In order to consolidate his régime, it was important to bring the civil unrest that had torn the country apart for so many years to an end. Measures of repression were thus carried out in the provinces where 'Military Tribunals' were used to put an end to what was commonly referred to as 'brigandage'. In the Vendée, General Brune (1763-1815) was charged with annihilating the last of the Chouans. It was, of course, a continuation of the policy already adopted by the Directory, but it also fell within the logic of Bonaparte's attitude towards peoples in insurrection first expressed in Italy: an exemplary punishment had to be meted out.
To General Brune, commander-in-chief of the Army of the West
…The government will do no more than it already has done for the departments of the west.
The Army of the West is made up of 60,000 men under arms. You will pursue the brigands with energy, you will put yourself in a position to quickly end this war. The peace of Europe is dependent on its end.
…The suspension of hostilities concluded between General Hédouville and the Chouans will only last until 1 Pluviôse [21 January]. Georges, who commands the rebels in the Morbihan, is not included.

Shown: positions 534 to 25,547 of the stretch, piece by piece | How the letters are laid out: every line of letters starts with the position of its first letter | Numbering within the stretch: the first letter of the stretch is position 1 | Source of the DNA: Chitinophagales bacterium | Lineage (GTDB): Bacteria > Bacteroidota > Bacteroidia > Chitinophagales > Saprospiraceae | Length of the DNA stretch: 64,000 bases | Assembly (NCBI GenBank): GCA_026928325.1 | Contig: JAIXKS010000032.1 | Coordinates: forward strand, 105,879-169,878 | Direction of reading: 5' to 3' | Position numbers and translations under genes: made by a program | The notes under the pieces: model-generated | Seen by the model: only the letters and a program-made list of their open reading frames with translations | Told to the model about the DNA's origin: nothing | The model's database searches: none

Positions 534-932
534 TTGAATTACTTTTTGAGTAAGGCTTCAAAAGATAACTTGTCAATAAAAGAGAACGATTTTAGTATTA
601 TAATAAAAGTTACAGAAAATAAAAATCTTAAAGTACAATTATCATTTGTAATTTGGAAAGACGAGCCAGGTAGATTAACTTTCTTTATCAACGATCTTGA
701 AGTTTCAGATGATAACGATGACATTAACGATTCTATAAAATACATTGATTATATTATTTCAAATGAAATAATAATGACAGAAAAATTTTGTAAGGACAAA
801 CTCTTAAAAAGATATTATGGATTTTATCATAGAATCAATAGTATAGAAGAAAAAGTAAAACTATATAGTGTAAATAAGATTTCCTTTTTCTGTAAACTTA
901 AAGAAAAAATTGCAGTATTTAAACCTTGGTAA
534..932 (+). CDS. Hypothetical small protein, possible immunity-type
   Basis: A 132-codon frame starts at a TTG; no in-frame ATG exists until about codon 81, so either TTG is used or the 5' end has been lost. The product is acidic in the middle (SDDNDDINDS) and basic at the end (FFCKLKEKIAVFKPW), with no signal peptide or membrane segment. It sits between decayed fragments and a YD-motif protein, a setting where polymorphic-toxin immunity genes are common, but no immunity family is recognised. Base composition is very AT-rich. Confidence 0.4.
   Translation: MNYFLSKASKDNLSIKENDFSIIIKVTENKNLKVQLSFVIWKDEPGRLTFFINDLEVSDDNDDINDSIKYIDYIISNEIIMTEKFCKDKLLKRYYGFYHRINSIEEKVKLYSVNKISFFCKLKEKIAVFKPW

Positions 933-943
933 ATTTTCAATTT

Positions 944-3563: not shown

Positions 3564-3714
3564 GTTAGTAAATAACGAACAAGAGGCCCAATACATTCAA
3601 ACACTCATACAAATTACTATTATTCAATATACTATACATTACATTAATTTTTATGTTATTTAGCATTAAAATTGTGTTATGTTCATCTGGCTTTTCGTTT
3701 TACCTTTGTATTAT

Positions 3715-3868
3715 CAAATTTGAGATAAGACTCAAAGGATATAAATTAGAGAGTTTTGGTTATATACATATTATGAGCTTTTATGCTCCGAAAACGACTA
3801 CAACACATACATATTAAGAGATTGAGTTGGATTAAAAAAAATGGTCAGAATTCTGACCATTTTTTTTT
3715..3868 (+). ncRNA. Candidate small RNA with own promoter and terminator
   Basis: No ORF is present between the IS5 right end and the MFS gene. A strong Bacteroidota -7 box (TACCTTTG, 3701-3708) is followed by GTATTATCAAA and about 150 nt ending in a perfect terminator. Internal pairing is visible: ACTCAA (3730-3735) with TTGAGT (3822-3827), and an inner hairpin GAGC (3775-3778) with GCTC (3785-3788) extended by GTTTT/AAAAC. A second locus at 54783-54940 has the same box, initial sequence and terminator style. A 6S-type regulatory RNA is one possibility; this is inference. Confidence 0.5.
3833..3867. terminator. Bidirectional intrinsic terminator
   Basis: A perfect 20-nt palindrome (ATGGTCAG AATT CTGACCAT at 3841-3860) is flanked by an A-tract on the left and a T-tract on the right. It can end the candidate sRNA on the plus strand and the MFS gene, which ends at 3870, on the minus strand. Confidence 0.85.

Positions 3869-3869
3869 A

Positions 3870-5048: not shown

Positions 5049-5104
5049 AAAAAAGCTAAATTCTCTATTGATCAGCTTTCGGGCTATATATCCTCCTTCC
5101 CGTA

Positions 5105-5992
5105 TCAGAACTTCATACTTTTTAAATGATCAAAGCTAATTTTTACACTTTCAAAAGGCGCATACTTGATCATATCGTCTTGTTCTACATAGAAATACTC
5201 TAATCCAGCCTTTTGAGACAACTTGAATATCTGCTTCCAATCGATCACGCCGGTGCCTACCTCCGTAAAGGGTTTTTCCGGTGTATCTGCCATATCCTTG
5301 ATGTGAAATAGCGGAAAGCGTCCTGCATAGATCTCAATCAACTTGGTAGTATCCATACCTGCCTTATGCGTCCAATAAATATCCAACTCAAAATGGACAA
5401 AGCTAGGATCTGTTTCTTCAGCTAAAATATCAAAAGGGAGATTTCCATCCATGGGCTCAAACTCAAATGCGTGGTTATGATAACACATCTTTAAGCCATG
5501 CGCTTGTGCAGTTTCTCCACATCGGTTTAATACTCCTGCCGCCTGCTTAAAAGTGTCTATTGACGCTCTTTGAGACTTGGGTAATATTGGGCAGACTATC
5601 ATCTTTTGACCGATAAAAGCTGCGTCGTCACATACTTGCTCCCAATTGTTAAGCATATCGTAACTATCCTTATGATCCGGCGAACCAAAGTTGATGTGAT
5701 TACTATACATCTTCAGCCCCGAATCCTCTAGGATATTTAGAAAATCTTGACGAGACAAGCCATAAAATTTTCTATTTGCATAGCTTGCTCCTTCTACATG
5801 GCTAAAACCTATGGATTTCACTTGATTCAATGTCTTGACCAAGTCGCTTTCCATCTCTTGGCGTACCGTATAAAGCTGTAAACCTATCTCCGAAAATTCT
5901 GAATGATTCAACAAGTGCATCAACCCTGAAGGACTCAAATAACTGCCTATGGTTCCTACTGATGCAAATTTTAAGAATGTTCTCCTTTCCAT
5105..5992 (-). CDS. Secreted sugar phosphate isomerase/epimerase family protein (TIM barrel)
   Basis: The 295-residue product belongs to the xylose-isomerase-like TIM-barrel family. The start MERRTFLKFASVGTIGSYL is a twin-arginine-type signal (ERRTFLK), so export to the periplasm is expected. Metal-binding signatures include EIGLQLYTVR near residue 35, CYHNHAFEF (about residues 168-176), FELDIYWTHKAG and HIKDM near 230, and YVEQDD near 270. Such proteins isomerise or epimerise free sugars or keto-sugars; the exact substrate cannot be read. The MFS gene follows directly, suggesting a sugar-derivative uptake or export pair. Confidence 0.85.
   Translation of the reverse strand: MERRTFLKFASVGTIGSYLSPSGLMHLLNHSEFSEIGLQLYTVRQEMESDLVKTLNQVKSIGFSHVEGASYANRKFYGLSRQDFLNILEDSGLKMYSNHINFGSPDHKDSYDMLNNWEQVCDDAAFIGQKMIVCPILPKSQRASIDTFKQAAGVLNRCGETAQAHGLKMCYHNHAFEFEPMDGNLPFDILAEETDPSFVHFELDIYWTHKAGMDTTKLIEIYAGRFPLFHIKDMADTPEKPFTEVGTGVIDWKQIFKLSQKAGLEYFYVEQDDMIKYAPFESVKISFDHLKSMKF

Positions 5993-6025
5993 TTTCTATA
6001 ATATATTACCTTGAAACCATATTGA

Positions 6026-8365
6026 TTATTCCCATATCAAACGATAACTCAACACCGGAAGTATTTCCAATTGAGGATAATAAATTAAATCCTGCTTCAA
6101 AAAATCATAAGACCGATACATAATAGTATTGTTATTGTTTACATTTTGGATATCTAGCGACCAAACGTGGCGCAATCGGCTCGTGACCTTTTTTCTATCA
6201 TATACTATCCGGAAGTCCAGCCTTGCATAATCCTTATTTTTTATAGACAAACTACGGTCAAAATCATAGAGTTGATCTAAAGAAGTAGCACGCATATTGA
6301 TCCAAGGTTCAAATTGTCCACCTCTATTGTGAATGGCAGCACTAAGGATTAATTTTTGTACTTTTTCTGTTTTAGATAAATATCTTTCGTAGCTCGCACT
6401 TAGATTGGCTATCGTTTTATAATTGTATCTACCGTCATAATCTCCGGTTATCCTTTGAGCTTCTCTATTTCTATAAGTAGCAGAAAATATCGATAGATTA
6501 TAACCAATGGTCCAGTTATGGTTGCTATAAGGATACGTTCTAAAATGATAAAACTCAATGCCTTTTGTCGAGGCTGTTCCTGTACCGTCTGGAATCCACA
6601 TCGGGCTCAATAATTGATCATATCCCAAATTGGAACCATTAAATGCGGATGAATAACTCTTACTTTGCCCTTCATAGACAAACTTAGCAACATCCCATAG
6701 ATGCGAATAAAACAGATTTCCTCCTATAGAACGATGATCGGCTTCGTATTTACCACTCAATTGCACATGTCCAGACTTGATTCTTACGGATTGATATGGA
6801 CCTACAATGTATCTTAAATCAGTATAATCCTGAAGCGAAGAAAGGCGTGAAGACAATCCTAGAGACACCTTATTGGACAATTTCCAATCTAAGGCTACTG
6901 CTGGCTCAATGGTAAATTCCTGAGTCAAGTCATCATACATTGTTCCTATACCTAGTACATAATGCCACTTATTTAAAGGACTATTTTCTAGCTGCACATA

I calculate that on the evening of the 27th [Pluviôse, or 16 February] you will arrive in Angers; only remain there long enough to order the 60th half-brigade and the troops you can relieve from this department to march for the Morbihan, and then leave for Nantes.
From there, march to the Morbihan where you will find the 22nd and the 72nd. Disperse Georges's assemblies. Take his cannon, his stores of grain (he has a great quantity on the coast which he sells to England). Finally, begin to make the whole weight and horror of war come down on the rebels of the Morbihan. At the beginning of Pluviôse, make sure: